The poster session will take place at 1pm on Wednesday 30th June.
All posters will be presented by the authors followed by a Q&A session.
Images of the posters will be available to view from this page prior to and during the conference.
Stats for Beginners: Improving the confidence of incoming psychology undergraduates to tackle research methods | Dr James Yearsley – City, University of London, School of Arts and Social Sciences, Department of Psychology
This poster will provide a discussion and evaluation of an intervention designed to support incoming students to better engage with research methods modules. Part of the design of the intervention involves a blended learning approach.
Actively supporting student experience, progression and employability through creative curriculum design | Sam Harris-Jones , Wendy Browne and Selin Keskin – City, University of London, Employer Engagement team
As a non-credit bearing elective, the module was contained to one academic session that would see the students undertake prior activities, a Micro-Placement opportunity and associated assessments. With credits attached, Careers and Employability worked with various stakeholders across the University to implement a change that’ll support students’ experience through their success, progression and increased employability skills. Our submission aims to demonstrate the journey undertaken to make the aforementioned changes.
Towards a multimodal ‘’conversational’’ feedback design | Panagiota Nakou – City, University of London, School of Arts and Social Sciences, Department of Sociology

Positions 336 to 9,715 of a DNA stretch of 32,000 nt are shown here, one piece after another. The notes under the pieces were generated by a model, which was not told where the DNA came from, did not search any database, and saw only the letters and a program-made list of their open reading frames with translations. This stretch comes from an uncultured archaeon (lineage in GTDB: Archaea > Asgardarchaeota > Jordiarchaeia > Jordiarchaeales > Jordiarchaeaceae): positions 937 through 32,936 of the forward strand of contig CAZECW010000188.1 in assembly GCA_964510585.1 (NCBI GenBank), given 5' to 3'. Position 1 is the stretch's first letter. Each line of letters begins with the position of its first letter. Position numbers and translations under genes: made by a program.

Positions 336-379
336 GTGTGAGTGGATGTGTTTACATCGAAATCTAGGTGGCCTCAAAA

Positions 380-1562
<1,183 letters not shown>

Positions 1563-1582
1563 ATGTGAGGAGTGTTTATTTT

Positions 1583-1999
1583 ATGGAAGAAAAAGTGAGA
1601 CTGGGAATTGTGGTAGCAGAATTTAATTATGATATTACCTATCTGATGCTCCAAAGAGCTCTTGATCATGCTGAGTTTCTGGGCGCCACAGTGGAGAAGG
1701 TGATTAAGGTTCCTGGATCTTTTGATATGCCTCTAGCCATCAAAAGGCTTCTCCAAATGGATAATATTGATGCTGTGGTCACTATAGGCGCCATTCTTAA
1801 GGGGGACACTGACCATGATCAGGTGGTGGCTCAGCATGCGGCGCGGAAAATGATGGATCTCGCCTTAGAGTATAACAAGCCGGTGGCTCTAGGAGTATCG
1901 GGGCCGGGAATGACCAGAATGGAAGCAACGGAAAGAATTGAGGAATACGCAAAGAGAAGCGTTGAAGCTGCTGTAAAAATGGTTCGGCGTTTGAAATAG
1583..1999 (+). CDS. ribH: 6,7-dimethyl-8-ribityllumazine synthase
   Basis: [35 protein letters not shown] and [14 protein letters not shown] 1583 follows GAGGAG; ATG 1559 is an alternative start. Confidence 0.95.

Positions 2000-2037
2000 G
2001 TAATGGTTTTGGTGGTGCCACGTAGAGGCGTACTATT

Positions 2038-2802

Some types of assessments like online debates cannot be practiced frequently and it’s difficult to provide detailed feedback for large numbers of students timely and consistently. Consequently, I developed a VLE-based formative assessment which aims to offer multi-modal conversational feedback and guide students to prepare for a summative online debate.
The Significance of Teacher Emotional Intelligence in Crucial Relationship Quality with Students: A Mixed Methods Study | Dr Ismail Noriey – University of Human Development
Several studies have examined the interaction between teacher emotional intelligence and relationship quality with students. The significance of the present study is, that there has not been an experimental study that has investigated how these two variables cooperate together. Additionally, since emotion has emerged as a significant component of both teaching and learning, the potential for emotional intelligence to assess and impact the capacity of teachers to influence student achievement is vital.